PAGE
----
On Tuesday, February 7, a talk entitled “What Does It Mean To Be Human?” drew thousands to Hill Auditorium, filling the venue to capacity. Mr. Abdu Murray and Dr. Ravi Zacharias, both Christians, endeavored to defend the Judeo-Christian notion of human dignity. Both noted that even ardent secularists were beginning to realize the impossibility of defending the critical concept of intrinsic human dignity absent a transcendence in which to ground it and give it meaning.
Murray, an alumnus of the University of Michigan as both a psychology undergraduate and as a law student, spoke of the necessity of human dignity. He defined it as being “valued objectively,” independent of what others think. He spoke further about how we are hard-wired for relationship because, in his view, we are created that way by God. “You are an incurably relational being,” he said. He spoke further contra the crude reductionism pushed by materialism and atheism, which say that human beings are nothing more than “meat computers,” “DNA propagators,” and “cosmic pollution.”
Zacharias took the stage afterward. He is a noted speaker who has given addresses before the United Nations and around the globe for several decades, and he spoke of four ways of knowing what it is to be human.
The first of these stems from biblical designation/creation. According to Scripture, we are made for relationship, which is why even Jesus could not reduce the Judaic Law down to a single rule. It had to include loving “your neighbor as yourself,” in addition to loving “the Lord your God with all your heart, and with all your soul, and with all your mind, and with all your strength.”
Second, Zacharias explored the importance of Incarnational designation/creation, or the notion that Christ came to give us Truth but also grace. According to him, “Truth is the most important thing out there, but without grace, it can become merciless and cruel.”
Third, he described the transformation of the human heart by God. Zacharias argued that to be human means that God can enter into your life and fundamentally transform you from within. He cited an example from a prison he once visited in Baton Rouge, where a man sentenced to life without parole for a horrible crime stated that he was indeed free even as he was behind bars, because God had revealed Himself to him and touched his heart.
Finally, he spoke to consummation, or the Resurrection of Christ. Christians have the hope of resurrection because Christ Himself was resurrected, and this is integral to what it means to be human. We have hope in life eternal.
Both men touched on everyday life as well, noting the struggles unique to us in our own contemporary moment. Murray noted a pervasive “us versus them” mentality, especially prevalent on social media, where our biting, casually bandied about words often preclude a recognition of and, further, attack, people’s fundamental dignity. Zacharias also warned against mixing religion and politics, saying, “Whenever religion becomes politicized, both it and politics are destroyed.”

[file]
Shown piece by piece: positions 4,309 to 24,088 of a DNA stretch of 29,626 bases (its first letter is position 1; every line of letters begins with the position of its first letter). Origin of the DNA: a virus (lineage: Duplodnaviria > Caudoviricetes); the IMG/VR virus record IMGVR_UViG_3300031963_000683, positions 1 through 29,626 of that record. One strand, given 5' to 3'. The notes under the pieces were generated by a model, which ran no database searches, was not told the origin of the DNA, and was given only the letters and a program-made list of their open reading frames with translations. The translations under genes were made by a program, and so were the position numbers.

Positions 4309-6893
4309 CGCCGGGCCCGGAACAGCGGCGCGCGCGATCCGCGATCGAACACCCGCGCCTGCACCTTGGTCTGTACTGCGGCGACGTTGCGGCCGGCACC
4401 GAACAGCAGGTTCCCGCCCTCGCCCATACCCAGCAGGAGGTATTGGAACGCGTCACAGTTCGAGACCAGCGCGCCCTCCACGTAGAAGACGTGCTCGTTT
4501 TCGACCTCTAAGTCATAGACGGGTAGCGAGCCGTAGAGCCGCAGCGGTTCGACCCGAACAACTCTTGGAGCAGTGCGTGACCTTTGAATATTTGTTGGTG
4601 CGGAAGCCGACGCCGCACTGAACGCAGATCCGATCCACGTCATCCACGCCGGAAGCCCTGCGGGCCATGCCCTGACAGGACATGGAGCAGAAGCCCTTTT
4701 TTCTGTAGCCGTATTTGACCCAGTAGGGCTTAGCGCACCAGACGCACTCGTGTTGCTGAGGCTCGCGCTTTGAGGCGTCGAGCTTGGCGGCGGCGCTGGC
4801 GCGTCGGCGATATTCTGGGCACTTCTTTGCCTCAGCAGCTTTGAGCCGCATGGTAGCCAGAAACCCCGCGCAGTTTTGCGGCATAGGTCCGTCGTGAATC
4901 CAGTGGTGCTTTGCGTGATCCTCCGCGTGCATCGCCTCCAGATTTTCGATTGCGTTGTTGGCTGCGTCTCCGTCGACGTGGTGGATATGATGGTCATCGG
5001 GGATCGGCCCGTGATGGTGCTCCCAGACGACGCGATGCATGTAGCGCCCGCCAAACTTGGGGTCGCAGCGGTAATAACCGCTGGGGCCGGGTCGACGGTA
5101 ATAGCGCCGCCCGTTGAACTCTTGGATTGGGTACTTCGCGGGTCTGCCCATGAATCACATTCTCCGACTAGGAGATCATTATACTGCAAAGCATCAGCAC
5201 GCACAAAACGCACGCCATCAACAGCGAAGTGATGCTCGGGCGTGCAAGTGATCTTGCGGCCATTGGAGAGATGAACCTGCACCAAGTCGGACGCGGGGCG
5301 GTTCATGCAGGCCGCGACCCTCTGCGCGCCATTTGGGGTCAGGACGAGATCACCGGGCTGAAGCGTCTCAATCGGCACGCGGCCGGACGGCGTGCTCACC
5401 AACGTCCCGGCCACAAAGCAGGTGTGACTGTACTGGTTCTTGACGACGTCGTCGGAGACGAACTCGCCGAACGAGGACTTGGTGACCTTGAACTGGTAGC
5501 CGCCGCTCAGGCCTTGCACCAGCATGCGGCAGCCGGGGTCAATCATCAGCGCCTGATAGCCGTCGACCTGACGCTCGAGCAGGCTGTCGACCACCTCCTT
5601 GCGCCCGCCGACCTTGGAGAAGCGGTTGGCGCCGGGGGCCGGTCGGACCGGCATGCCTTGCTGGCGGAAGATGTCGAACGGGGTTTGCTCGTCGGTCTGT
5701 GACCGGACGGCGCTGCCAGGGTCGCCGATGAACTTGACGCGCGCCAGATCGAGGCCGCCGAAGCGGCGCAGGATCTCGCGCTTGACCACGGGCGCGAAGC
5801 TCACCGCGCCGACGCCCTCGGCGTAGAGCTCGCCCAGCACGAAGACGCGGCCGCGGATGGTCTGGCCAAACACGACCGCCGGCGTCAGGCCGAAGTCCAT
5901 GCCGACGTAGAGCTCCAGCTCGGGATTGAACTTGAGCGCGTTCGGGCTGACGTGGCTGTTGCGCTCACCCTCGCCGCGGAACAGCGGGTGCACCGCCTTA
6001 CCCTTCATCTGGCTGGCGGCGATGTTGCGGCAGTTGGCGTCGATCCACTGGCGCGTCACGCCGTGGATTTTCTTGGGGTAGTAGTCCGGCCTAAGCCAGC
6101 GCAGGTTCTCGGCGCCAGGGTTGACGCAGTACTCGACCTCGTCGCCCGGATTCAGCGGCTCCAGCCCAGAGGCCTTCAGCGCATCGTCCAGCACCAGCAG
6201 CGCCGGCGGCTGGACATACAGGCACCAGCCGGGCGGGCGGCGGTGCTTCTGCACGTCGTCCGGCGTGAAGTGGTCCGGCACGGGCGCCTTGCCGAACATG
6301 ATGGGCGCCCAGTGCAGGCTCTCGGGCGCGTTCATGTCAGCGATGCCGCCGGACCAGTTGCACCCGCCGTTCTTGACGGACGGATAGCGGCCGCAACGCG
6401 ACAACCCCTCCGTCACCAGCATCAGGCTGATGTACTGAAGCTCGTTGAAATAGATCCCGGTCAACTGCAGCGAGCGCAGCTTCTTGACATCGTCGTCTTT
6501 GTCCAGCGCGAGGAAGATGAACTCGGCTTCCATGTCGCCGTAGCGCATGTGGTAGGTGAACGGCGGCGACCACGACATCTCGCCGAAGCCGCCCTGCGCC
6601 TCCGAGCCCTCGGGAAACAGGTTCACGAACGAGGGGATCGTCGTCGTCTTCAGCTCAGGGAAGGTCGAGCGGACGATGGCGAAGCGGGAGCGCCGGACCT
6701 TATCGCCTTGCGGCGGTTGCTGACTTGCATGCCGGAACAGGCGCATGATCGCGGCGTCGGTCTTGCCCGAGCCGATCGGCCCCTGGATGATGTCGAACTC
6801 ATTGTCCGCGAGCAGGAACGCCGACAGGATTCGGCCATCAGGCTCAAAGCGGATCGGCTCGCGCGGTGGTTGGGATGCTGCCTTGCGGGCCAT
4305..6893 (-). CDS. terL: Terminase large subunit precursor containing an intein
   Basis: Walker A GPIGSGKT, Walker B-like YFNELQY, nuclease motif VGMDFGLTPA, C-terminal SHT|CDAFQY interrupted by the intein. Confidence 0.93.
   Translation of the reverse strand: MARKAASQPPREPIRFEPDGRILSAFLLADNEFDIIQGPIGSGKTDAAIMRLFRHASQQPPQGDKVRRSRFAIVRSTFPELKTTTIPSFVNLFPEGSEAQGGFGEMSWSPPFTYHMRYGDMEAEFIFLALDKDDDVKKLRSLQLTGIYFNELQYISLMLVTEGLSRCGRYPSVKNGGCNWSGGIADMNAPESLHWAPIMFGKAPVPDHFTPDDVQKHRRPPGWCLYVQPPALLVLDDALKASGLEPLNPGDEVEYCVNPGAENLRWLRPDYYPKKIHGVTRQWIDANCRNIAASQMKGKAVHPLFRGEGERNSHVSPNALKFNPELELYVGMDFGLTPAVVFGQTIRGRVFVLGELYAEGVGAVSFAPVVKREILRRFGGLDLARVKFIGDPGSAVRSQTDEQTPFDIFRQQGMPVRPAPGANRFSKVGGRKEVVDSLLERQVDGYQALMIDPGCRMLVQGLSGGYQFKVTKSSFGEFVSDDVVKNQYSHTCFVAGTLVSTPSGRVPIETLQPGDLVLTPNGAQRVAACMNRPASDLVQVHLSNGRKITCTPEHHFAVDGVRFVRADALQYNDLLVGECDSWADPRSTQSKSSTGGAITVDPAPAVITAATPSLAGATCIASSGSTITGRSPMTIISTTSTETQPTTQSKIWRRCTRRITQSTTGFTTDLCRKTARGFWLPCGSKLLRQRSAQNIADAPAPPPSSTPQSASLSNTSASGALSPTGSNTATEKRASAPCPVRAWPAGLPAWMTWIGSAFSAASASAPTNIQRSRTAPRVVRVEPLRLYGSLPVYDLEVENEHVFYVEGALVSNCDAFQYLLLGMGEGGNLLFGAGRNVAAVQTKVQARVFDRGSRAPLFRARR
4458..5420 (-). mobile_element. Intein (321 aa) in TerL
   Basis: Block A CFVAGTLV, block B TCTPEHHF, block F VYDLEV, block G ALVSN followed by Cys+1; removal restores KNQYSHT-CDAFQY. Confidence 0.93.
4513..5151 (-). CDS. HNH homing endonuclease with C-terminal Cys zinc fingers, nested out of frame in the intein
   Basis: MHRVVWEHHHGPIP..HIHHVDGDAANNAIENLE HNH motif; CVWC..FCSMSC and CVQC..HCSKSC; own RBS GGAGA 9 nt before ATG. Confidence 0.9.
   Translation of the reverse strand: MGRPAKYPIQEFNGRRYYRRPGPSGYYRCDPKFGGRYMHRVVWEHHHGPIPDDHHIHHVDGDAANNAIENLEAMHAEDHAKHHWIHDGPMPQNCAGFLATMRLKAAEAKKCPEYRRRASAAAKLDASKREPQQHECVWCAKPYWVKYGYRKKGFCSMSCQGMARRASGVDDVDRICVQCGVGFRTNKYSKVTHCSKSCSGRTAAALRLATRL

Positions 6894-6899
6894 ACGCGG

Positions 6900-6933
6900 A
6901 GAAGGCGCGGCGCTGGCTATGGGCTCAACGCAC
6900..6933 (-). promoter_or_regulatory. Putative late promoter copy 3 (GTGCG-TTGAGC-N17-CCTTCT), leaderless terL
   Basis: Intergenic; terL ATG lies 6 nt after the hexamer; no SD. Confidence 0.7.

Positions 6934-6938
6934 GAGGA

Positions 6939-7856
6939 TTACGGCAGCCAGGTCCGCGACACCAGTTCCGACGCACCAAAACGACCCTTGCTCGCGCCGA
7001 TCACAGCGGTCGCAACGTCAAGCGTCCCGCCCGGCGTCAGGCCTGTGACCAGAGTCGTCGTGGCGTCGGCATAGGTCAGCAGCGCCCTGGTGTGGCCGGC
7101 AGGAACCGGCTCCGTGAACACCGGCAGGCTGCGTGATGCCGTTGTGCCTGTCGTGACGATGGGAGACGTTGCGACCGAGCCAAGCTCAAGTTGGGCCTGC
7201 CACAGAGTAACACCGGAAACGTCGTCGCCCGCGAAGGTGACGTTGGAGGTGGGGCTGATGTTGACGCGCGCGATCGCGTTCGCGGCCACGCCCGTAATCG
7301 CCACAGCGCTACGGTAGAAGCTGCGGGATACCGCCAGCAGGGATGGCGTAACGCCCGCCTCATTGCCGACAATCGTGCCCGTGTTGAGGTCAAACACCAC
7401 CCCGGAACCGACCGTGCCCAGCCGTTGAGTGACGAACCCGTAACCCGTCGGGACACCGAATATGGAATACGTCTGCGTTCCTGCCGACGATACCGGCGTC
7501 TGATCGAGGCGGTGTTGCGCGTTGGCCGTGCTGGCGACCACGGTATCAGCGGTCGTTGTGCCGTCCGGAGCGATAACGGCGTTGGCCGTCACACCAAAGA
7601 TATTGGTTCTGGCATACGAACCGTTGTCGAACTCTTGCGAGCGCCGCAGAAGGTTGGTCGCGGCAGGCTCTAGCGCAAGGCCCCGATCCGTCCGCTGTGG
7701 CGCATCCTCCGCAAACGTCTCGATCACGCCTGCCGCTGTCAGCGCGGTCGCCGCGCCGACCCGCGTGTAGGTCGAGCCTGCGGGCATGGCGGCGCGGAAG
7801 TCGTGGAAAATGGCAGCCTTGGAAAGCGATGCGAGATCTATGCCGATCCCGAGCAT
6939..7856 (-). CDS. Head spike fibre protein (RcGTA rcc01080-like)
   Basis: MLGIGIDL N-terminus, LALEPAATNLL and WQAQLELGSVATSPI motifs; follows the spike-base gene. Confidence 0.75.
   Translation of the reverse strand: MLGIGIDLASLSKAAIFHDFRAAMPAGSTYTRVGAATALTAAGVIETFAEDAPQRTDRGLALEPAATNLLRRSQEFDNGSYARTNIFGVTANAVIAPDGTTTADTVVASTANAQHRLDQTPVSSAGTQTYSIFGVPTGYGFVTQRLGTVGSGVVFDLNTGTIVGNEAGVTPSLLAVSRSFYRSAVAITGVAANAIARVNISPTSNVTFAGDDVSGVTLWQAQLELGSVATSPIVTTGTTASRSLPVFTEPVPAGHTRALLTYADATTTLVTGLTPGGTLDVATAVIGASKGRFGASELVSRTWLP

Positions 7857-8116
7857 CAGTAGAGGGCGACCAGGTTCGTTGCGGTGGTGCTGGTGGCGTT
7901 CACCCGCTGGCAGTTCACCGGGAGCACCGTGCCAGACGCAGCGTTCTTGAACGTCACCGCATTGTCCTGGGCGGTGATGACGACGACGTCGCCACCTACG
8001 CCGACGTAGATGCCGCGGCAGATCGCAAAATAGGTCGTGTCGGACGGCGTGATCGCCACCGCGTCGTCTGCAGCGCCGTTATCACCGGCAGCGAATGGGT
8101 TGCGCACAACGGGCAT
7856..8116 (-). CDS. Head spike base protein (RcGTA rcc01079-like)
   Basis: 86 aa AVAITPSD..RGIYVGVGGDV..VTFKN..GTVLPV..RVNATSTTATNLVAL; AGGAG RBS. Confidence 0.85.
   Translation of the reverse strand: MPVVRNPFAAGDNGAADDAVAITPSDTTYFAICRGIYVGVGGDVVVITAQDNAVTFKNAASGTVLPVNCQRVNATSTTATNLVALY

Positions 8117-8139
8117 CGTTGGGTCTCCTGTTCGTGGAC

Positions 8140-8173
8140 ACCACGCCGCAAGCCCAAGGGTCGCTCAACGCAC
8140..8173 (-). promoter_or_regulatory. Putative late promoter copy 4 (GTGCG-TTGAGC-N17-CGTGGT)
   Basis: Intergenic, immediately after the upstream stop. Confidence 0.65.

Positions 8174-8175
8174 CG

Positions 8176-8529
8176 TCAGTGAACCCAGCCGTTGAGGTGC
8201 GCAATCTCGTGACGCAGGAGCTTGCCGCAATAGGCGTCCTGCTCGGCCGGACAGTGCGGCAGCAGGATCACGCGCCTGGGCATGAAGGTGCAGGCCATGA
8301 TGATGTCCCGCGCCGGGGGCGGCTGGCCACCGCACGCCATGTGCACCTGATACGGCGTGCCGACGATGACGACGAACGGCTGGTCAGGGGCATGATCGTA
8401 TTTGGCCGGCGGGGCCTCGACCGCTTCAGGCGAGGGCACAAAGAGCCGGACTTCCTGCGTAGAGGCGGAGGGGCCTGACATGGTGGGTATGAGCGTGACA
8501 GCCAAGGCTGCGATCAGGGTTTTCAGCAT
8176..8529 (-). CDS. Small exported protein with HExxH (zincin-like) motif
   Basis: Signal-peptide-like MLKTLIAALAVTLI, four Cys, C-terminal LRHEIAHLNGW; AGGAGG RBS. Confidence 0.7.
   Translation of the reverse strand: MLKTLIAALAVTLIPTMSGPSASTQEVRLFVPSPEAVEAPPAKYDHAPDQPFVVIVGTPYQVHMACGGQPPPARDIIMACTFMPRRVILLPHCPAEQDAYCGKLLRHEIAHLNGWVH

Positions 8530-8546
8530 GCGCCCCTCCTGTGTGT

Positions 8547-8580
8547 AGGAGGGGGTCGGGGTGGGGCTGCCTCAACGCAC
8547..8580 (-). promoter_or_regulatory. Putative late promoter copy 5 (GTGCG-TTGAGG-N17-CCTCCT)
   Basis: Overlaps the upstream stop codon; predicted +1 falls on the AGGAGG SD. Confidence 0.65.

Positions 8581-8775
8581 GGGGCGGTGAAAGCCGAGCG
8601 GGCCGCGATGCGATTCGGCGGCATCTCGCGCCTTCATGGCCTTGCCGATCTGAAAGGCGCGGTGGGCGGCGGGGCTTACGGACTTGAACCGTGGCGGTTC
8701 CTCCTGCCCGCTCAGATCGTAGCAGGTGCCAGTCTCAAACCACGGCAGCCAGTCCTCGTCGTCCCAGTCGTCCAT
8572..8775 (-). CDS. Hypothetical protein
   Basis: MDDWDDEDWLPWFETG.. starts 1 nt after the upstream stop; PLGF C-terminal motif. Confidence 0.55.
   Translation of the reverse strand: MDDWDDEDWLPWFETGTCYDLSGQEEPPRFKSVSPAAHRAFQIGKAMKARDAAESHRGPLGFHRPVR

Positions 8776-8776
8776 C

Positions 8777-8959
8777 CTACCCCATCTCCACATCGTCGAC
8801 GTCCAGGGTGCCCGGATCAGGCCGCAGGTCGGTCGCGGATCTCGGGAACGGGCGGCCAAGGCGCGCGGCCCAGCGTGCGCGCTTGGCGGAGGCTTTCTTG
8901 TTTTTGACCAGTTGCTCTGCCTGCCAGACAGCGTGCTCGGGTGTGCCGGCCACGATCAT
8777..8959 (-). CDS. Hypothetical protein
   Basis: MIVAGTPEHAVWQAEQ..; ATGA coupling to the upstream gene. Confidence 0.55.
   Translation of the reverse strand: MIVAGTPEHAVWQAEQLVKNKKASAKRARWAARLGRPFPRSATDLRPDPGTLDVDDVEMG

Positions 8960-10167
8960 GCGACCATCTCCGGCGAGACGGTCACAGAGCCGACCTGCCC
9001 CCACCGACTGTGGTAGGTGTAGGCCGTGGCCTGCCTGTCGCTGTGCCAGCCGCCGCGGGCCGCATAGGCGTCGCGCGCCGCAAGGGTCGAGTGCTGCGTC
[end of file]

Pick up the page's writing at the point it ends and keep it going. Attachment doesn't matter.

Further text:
The night ended with a Q&A, where many secular students and skeptics came forward to ask challenging questions of both men. It was cordial and well done. One questioner asked what qualities were required to be human. Both men agreed that qualities were not what mattered but rather “essence,” or an essential nature. This took Murray onto the topic of racism (in keeping with both their efforts to connect the talk to our contemporary moment), which he argued was “worse, in some ways, than murder, because it devalues [a person], and calls them less-than.”
The talk, while informative, had its share of deficiencies. Both men were very keen on appeals rooted in pathos; they focused fairly heavily on emotional stories whose purpose was to further emphasize the more fundamental point about human dignity they were expressing at the moment but which were not by themselves convincing to anyone who did not already agree with them. For example, to illustrate our relational nature, Dr. Zacharias spoke of a woman who told him in exasperation that she was losing her mind. Her three-year-old son piped up, saying, “Mom, just please don’t lose your heart, because that’s where I am.” In addition, both men seemed to accept uncritically certain notions at home in Progressive thought, i.e., that religion ought not inform politics and that certain “-isms” are on par morally with other offenses traditionally (and I think rightly) considered far more grievous. It would have been nice to have heard them offer more formal arguments, with anecdotes used to enhance, rather than as the main event, so to speak.
Was the event touching? Yes. Was it analytically rigorous? Not so much. Will it get people to talk about the important notion of intrinsic human dignity and its relationship to our most pressing societal and global challenges? Absolutely. And that’s a good outcome indeed.